Budget Review 2018–19 Index

Bill McCormick

Great Barrier Reef 2050 Partnership Program

The Reef was the stand-out environmental item in this Budget, although parts of the package were announced beforehand. The Government has committed $535.8 million over five years from 2017–18 to accelerate the delivery of the Reef 2050 Plan.[1] In January 2018 the Government announced $57.9 million (contained in additional Budget Estimates of February 2018) to provide:

  • $6.0 million to the Australian Institute of Marine Science and CSIRO to scope and design a research and development (R&D) program for coral reef restoration.
  • $10.4 million to accelerate the control of crown-of-thorns starfish (COTS) by increasing the number of vessels targeting COTS from three to eight.
  • $36.6 million to further reduce polluted water entering the Reef.
  • $4.9 million to increase the number of field officers to improve compliance and provide an early warning of coral bleaching.[2]

In April 2018 the Government announced a $443.3 million Reef Trust partnership with the Great Barrier Reef Foundation (with money administered through the Department of Environment) to tackle COTS, reduce pollution flowing into the Reef and mitigate the impacts of climate change.[3] The funding will be:

  • $201.0 million to support farming practices that improve water quality flowing into the Reef.
  • $100.0 million to support R&D on reef restoration, reef resilience and adaptation.
  • $58.0 million to expand the control of COTS.
  • $45.0 million to increase community engagement, such as Indigenous traditional knowledge for sea country management, coastal clean-up days and awareness-raising.
  • $40.0 million to enhance reef health monitoring and reporting to facilitate better management.[4]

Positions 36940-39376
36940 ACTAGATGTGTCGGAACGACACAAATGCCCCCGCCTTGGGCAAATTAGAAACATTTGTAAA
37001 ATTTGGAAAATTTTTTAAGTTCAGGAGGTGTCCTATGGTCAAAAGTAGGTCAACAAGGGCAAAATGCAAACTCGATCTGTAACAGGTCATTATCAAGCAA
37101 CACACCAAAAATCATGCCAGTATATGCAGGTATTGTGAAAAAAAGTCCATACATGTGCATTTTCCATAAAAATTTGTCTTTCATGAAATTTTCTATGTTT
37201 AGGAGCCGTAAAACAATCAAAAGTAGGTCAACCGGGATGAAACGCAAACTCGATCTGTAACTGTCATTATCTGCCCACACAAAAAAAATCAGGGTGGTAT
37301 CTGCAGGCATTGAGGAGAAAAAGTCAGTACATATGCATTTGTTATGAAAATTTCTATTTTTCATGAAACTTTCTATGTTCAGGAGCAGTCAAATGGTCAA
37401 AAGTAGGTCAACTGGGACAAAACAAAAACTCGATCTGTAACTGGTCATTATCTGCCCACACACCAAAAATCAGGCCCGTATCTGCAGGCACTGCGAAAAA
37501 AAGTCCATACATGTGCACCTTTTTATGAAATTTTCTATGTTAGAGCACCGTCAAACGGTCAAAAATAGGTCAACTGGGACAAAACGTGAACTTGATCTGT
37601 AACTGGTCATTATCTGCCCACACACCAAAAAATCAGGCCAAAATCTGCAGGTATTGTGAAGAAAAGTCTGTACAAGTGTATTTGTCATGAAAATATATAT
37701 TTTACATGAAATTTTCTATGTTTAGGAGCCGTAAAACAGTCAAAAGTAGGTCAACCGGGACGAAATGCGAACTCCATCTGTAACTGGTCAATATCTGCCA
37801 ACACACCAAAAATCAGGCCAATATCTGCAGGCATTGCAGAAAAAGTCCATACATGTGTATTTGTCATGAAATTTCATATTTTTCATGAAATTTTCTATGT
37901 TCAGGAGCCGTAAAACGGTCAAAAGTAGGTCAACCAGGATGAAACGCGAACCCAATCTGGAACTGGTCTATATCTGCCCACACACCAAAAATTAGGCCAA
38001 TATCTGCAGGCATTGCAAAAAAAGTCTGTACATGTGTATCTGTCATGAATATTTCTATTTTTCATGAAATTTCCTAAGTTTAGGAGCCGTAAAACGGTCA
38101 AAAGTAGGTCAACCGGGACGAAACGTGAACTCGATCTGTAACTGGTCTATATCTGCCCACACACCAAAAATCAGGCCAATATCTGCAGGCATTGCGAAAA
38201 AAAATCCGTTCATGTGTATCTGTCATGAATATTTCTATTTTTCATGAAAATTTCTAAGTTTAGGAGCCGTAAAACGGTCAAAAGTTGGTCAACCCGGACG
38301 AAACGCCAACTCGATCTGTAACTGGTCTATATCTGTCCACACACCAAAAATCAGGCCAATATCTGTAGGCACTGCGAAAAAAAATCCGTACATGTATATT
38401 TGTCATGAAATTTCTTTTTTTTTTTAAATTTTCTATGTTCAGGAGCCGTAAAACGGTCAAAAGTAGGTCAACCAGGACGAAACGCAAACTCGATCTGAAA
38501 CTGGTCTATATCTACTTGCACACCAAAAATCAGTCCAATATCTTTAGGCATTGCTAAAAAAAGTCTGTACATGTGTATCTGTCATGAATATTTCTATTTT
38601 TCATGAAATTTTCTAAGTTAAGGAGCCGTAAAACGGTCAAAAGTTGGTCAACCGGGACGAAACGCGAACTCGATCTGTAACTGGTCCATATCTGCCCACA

While the initial $57.9 million is to be spent over the next 18 months there is little information about the period over which the rest of the funds will be spent.[5] The Great Barrier Reef Marine Park said that it will receive an additional $42.7 million for its joint field management program over the next six years.[6]

Interested parties have welcomed the additional funding for the Reef but some don’t feel the funds are enough to protect it, and they criticised the Government for not providing additional money for actions to mitigate climate change itself rather than just to mitigate the impacts.[7] The federal Department of the Environment and Energy stated that ‘climate Change is the most significant threat to the Great Barrier Reef’.[8] The chair of the Reef 2050 Advisory Committee, Penny Wensley, said that both global warming and cyclones had contributed to the Reef's ill health and that funding was still not enough, although it was more than the committee had hoped for.[9]

Enhancing Australia’s Biosecurity System

The 2017 Intergovernmental Agreement on Biosecurity Review stated that the erosion of biosecurity budgets is hampering the efforts of biosecurity agencies, and that funding needs to be more sufficient, more sustainable and better directed.[10] It recommended imposing levies on incoming shipping and air containers, with the revenue being directed to those areas of the national biosecurity system that are currently most underfunded.

In the Budget, the Government committed $86.8 million to the Department of Agriculture and Water resources to increase funding to biosecurity programs over four years from 2018–19, and $14.8 million to address the cost of biosecurity clearances associated with increased sea and air passenger number growth from 2017–18.[11] Among other things, the Government will fund the development of national action plans for priority pests and diseases, increase the capacity to deal with pest and disease incursions and permit greater assurance and verification of biosecurity import conditions.

As recommended in the Biosecurity Review, the Government has decided to impose a new biosecurity import levy from 1 July 2019 that is expected to raise $360 million over the following three years. Legislation for this levy has not yet been introduced into Parliament. This will apply to incoming shipping containers at a rate of $10 per twenty-foot container and $1/tonne on non-containerised cargo. It will be used to fund onshore surveillance, diagnostics, data analytics, research and adoption of new technology.[12] The levy represents one per cent of the current cost of importing a container.[13] It would appear the Government has decided not to implement the recommended levy on aircraft containers.

Per- and Poly-Fluorinated Alkyl Substances (PFAS)